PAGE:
all the varying and innumerable forms which written comment may assume, it is impossible to lay down rules which meet with precision the minute details of each case; it must be left to the common sense of the jury to apply the principle. But the law binds them by no other rule than this: if the criticism be a fair and reasonable criticism upon the publication on which it comments, then it is not a libel; if it be not such fair and reasonable comment, and convey imputations unwarranted by the occasion, then it is a libel, entitling the party injured by it to compensation for the wrongful act.

But this we say unhesitatingly, that no judge can ever withdraw from the jury the question of the character of the publication on which the action is brought. He can fetter their discretion in deciding it by no absolute rule of law more stringent than that which tells them that every defamatory comment not legitimately arising from the fact of the authorship of the book criticised is a libel, more than this no man commenting on public matters can justly claim; and while it is left to juries to apply this law in every case in which either civil or criminal proceedings are instituted for libel, the liberty of the press and of criticism is perfectly secure. In every case the counsel who defends the person against whom such proceedings are instituted has a right to insist upon the judge leaving that question to the jury. If he accompanies it by any positive direction of law which would compel them to find that question upon any other principle than their own view of all the circumstances, the court of appeal would beyond all question correct this error. If, for instance, any judge were to tell a jury that there was a general principle of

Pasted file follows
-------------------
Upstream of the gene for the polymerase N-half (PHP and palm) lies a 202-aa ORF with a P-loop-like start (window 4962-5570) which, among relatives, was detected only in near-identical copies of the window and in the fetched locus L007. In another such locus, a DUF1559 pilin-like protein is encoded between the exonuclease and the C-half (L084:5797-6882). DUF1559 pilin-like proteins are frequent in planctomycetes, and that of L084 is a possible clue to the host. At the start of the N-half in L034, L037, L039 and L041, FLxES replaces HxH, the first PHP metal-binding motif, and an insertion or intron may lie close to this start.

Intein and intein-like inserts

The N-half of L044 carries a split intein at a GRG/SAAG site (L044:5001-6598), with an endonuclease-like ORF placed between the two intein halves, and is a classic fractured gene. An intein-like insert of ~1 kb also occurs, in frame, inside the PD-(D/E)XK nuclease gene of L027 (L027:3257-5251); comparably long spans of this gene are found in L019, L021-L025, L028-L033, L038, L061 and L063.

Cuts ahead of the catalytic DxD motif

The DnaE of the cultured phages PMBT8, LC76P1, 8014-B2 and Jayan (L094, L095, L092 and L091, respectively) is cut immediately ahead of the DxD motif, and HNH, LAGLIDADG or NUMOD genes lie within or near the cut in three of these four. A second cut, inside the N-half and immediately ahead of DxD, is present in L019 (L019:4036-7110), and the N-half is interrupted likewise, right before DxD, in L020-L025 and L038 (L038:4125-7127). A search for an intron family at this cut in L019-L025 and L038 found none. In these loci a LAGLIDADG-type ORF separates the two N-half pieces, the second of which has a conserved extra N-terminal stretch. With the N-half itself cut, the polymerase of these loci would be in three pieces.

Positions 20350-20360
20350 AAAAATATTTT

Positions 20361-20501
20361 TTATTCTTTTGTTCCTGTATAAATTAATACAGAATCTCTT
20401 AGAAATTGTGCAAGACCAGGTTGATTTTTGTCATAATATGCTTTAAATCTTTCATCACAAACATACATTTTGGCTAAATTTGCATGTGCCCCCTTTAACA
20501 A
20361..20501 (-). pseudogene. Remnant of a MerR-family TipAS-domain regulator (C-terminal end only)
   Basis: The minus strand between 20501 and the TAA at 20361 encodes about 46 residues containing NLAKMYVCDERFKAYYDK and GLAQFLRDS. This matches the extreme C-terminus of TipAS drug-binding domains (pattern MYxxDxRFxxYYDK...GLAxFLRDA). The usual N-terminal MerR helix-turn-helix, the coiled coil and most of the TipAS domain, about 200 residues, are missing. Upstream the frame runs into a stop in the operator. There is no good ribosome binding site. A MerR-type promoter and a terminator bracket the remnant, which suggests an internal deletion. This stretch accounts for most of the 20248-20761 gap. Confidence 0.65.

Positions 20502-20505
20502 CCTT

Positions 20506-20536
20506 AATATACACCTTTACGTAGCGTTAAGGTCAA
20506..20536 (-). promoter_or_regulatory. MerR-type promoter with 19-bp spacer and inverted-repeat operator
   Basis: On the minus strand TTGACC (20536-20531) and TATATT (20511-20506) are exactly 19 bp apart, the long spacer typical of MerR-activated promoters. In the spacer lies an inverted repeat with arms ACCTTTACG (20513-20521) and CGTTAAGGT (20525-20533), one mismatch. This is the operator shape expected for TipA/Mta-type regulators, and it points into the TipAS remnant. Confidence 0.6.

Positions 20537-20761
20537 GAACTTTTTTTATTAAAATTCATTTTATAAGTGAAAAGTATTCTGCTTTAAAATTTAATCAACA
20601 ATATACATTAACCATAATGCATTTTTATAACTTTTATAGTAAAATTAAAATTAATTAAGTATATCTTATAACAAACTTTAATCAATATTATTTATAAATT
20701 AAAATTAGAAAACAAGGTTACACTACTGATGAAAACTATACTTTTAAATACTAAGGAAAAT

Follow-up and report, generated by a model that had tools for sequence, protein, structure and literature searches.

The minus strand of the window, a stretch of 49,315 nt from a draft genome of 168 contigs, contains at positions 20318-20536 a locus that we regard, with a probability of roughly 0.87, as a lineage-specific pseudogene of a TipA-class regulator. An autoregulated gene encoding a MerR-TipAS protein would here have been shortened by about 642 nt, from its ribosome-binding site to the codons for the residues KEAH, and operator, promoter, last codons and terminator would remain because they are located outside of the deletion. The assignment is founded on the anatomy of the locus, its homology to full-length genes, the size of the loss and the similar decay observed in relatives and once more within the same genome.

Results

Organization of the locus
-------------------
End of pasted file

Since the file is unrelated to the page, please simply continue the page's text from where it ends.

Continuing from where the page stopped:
*The Act passed some years ago by Lord Campbell is no exception to the rule. In cases of libels upon matters relating to public matters, that Act permits the party indicted for libel to plead as a defence that the facts stated in the libel are true, and that it is for the public interest that they should be stated. This statute really expands and defends the principle we have above stated as to the discussion of matters affecting the public. It extends the privilege of that discussion by permitting a writer not merely to comment on facts which are already public property, but permits him to use his own knowledge of other facts if he is prepared to prove their truth, and to show that the public interest required him to state them.